Recent developments in foundation models, like Large Language Models (LLMs) and Vision-Language Models (VLMs), trained on extensive data, facilitate flexible application across different tasks and modalities. Their impact spans various fields, including healthcare, education, and robotics. This paper provides an overview of the practical application of foundation models in real-world robotics, with a primary emphasis on the replacement of specific components within existing robot systems. The summary encompasses the perspective of input-output relationships in foundation models, as well as their role in perception, motion planning, and control within the field of robotics. This paper concludes with a discussion of future challenges and implications for practical robot applications.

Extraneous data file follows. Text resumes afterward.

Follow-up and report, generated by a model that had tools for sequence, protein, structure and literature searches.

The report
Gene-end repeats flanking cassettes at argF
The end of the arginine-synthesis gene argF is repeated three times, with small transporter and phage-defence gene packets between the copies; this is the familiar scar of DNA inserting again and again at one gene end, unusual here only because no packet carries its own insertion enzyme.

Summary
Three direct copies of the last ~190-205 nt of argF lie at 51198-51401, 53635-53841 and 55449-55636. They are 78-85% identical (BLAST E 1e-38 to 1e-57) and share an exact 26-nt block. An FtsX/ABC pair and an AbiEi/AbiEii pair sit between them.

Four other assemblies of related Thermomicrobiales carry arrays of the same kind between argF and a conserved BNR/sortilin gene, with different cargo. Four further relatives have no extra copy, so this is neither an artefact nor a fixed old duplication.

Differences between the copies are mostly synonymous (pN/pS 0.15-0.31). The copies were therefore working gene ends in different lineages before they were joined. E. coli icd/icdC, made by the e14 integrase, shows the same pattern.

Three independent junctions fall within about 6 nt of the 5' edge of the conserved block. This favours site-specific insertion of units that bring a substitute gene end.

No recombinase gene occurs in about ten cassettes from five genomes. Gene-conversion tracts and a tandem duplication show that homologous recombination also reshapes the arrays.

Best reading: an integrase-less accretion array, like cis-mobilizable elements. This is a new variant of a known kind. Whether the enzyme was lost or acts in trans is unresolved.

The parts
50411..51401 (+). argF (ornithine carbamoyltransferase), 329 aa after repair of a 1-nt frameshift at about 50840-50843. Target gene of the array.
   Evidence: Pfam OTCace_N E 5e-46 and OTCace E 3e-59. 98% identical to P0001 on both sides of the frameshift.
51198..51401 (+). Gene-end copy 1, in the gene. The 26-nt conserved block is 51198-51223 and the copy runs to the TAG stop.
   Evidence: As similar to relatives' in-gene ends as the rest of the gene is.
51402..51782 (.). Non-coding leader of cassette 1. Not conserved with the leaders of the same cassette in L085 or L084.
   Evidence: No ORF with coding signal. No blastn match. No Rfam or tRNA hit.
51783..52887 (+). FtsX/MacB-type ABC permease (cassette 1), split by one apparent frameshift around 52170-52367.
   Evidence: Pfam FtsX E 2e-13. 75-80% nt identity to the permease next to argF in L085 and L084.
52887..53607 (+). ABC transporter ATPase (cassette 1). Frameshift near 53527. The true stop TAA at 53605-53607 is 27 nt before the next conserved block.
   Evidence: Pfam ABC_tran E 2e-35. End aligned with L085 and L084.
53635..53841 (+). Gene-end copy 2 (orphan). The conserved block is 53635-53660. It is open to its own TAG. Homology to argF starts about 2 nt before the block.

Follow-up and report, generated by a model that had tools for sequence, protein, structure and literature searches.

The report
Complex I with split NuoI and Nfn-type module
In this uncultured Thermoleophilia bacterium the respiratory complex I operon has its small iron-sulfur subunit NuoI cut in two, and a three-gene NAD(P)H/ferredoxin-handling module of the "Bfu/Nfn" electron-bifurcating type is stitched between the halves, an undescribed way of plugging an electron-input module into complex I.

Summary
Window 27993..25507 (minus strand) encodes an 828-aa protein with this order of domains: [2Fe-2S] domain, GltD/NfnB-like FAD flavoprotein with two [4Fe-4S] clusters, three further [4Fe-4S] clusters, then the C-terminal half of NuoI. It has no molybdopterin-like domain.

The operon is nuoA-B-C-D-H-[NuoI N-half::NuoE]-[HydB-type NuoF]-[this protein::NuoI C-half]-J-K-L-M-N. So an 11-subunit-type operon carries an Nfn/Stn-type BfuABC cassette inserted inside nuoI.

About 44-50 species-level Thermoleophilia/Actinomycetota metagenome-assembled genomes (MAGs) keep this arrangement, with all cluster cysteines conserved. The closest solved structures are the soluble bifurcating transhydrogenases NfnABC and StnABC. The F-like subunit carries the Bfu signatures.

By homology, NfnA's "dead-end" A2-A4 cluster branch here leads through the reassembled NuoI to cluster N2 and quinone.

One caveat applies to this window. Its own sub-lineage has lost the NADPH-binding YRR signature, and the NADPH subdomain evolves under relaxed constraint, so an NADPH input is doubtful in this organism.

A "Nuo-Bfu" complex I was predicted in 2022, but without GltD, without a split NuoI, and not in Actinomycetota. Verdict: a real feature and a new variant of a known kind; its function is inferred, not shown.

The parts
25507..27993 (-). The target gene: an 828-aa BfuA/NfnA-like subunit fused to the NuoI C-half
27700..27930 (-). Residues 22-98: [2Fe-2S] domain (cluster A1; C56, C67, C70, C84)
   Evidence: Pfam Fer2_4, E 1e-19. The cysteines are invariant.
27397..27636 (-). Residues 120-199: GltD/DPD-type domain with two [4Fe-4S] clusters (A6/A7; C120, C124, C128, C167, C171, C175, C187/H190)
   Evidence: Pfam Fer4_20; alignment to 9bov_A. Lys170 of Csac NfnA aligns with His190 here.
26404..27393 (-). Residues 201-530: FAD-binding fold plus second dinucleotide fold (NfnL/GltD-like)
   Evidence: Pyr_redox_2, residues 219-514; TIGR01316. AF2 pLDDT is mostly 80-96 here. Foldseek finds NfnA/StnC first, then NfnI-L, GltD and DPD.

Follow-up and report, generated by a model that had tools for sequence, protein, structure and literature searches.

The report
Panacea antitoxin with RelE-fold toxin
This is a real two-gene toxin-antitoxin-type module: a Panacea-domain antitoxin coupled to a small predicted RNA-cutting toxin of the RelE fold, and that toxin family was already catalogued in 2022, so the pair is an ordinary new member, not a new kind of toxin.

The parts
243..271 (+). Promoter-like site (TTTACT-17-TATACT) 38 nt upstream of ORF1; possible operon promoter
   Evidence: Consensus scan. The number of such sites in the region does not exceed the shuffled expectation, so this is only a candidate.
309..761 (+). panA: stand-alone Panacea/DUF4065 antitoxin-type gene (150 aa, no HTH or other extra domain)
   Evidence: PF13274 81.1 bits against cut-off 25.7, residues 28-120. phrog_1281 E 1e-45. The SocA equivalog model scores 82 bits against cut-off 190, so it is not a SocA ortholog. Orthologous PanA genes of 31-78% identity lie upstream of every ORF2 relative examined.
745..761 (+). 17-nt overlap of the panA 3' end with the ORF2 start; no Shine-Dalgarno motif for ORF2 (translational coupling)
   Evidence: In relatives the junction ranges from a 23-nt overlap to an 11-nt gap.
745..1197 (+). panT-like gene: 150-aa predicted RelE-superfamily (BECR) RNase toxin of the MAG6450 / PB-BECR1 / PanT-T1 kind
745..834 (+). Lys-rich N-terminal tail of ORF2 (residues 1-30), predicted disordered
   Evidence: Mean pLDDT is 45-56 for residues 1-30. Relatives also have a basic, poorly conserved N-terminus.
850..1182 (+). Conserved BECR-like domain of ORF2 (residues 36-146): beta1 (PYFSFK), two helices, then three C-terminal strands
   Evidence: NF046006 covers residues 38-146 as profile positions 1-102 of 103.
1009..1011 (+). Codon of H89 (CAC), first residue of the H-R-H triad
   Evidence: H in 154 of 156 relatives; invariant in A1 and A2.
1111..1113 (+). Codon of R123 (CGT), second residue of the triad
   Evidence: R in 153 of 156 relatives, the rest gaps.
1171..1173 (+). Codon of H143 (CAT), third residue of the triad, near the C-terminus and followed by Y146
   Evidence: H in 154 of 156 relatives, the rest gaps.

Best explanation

People employ expressive behaviors to effectively communicate and coordinate their actions with others, such as nodding to acknowledge a person glancing at them or saying "excuse me" to pass people in a busy corridor. We would like robots to also demonstrate expressive behaviors in human-robot interaction. Prior work proposes rule-based methods that struggle to scale to new communication modalities or social situations, while data-driven methods require specialized datasets for each social situation the robot is used in. We propose to leverage the rich social context available from large language models (LLMs) and their ability to generate motion based on instructions or user preferences, to generate expressive robot motion that is adaptable and composable, building upon each other. Our approach utilizes few-shot chain-of-thought prompting to translate human language instructions into parametrized control code using the robot's available and learned skills. Through user studies and simulation experiments, we demonstrate that our approach produces behaviors that users found to be competent and easy to understand. Supplementary material can be found at https://generative-expressive-motion.github.io/.